The problem, though, is the sentimentalizing of the birth of Christ. A baby is born to a poor couple who are required to travel when the wife is close to giving birth to her first child. They arrive at their destination to find no lodging available other than a place where animals are kept.

The scene in popular imagination and portrayal becomes almost “Walt Disney-esque.” The animals are gazing with awe-struck wonder at the little baby. The world loves the sweet story.

But the world doesn’t love the portrayal of the biblical Christ. Why? Because the manger is not the emphasis of the Bible. Outside of Matthew and Luke, the circumstances of the birth of Christ are not explicitly discussed. While those details are important because they reveal the miracle of the virgin birth of Christ, the manger was not the destination. It was part of the process to get to the cross.

The world hates the cross because the cross reveals humanity’s sin and rebellion against God. The cross reveals the nonsense of the “I’m okay; you’re okay; let’s just all accept and affirm each other’s beliefs” attitude that is so prevalent.

The world hates the cross because there is nothing sentimental about it. A holy God unleashes his wrath against a holy and innocent victim who is suffering in the place of human sinners. There’s not a good way to sugar-coat that.

The world hates the cross because it points to the hopelessness of man. It reveals that human efforts to become accepted by God are worthless. The cross reveals human sin and hopelessness and pride. The cross reveals the necessity of humility.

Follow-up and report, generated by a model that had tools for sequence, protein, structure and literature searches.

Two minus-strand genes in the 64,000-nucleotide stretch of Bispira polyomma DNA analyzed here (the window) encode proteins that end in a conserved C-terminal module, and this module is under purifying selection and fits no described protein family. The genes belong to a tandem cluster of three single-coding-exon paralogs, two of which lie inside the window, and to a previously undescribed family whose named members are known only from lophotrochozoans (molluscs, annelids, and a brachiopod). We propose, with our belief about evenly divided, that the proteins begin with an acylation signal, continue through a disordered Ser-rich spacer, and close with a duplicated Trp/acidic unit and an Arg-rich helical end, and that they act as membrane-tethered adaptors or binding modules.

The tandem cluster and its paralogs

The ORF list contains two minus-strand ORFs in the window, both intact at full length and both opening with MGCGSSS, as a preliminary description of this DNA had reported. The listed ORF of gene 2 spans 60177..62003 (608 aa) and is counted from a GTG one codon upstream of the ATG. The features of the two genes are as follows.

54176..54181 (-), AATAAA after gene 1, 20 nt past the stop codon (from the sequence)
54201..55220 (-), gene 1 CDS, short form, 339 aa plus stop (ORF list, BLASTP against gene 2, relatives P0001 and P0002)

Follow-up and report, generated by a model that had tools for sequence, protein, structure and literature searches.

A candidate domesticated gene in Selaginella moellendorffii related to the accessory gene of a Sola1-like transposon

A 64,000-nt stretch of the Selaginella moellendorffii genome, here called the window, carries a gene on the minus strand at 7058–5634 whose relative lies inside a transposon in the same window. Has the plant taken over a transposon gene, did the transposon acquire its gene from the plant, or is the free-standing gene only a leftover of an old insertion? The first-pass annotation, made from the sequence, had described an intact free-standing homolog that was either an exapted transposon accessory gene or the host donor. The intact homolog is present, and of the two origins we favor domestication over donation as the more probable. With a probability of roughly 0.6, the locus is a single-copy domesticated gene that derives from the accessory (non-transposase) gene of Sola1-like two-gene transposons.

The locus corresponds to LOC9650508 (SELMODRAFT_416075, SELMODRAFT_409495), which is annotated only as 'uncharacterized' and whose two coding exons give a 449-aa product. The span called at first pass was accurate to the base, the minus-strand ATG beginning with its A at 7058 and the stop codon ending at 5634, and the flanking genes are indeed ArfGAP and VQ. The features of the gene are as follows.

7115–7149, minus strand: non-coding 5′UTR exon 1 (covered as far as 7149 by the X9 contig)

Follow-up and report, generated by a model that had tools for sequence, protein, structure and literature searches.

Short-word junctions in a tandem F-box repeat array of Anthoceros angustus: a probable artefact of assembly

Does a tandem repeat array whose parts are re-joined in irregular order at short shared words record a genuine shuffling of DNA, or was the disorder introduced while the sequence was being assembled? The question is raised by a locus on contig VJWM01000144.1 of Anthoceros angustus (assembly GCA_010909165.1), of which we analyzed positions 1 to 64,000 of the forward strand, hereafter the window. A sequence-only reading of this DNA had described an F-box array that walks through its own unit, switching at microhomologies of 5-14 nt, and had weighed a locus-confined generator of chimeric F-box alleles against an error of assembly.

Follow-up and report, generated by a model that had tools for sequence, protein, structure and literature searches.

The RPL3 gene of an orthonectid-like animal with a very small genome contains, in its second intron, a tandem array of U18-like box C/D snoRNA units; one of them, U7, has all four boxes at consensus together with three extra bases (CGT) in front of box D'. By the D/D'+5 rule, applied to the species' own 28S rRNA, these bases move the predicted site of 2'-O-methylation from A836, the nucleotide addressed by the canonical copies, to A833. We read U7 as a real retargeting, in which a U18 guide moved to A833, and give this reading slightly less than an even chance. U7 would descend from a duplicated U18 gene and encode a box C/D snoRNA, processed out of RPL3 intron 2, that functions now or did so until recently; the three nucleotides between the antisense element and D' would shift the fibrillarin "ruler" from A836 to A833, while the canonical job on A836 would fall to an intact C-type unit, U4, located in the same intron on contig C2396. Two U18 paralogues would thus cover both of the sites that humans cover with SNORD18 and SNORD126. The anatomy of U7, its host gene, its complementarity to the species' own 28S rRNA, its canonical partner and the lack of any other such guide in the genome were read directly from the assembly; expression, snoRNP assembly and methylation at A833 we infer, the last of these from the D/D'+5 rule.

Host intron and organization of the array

Unfortunately, many professing Christians glory in the manger. They gaze upon the representations therein with child-like awe and wonder. They feel “spiritual” and especially close to God. They feel at peace. And they sin if they worship that representation of Jesus, making an idol out of a baby doll.

If we celebrate Christmas without an eye on the cross, we have missed the point of the incarnation. A better depiction for manger scenes would be to have a cross in the background, because the manger becomes little more than a Hallmark moment without the cross.

One is struck by the numerous references to the cross in the New Testament. We are sinners, and we can do nothing to become accepted by God. Even our righteous acts, as the prophet Isaiah reminds us, are as filthy rags. On the cross the Lord Jesus suffered the righteous wrath of the thrice-holy God. He suffered for our sins, for our rebellion. He suffered so that we would not suffer. He suffered so that justice would be served and we would be forgiven and counted righteous. He suffered so that God could receive us.

Little wonder that the apostle Paul could never get over the cross. Though he does not refer to the manger in his writings, the cross is always in the forefront. Not in the manger was his boast: “But far be it from me to boast except in the cross of our Lord Jesus Christ” (Galatians 6:14a).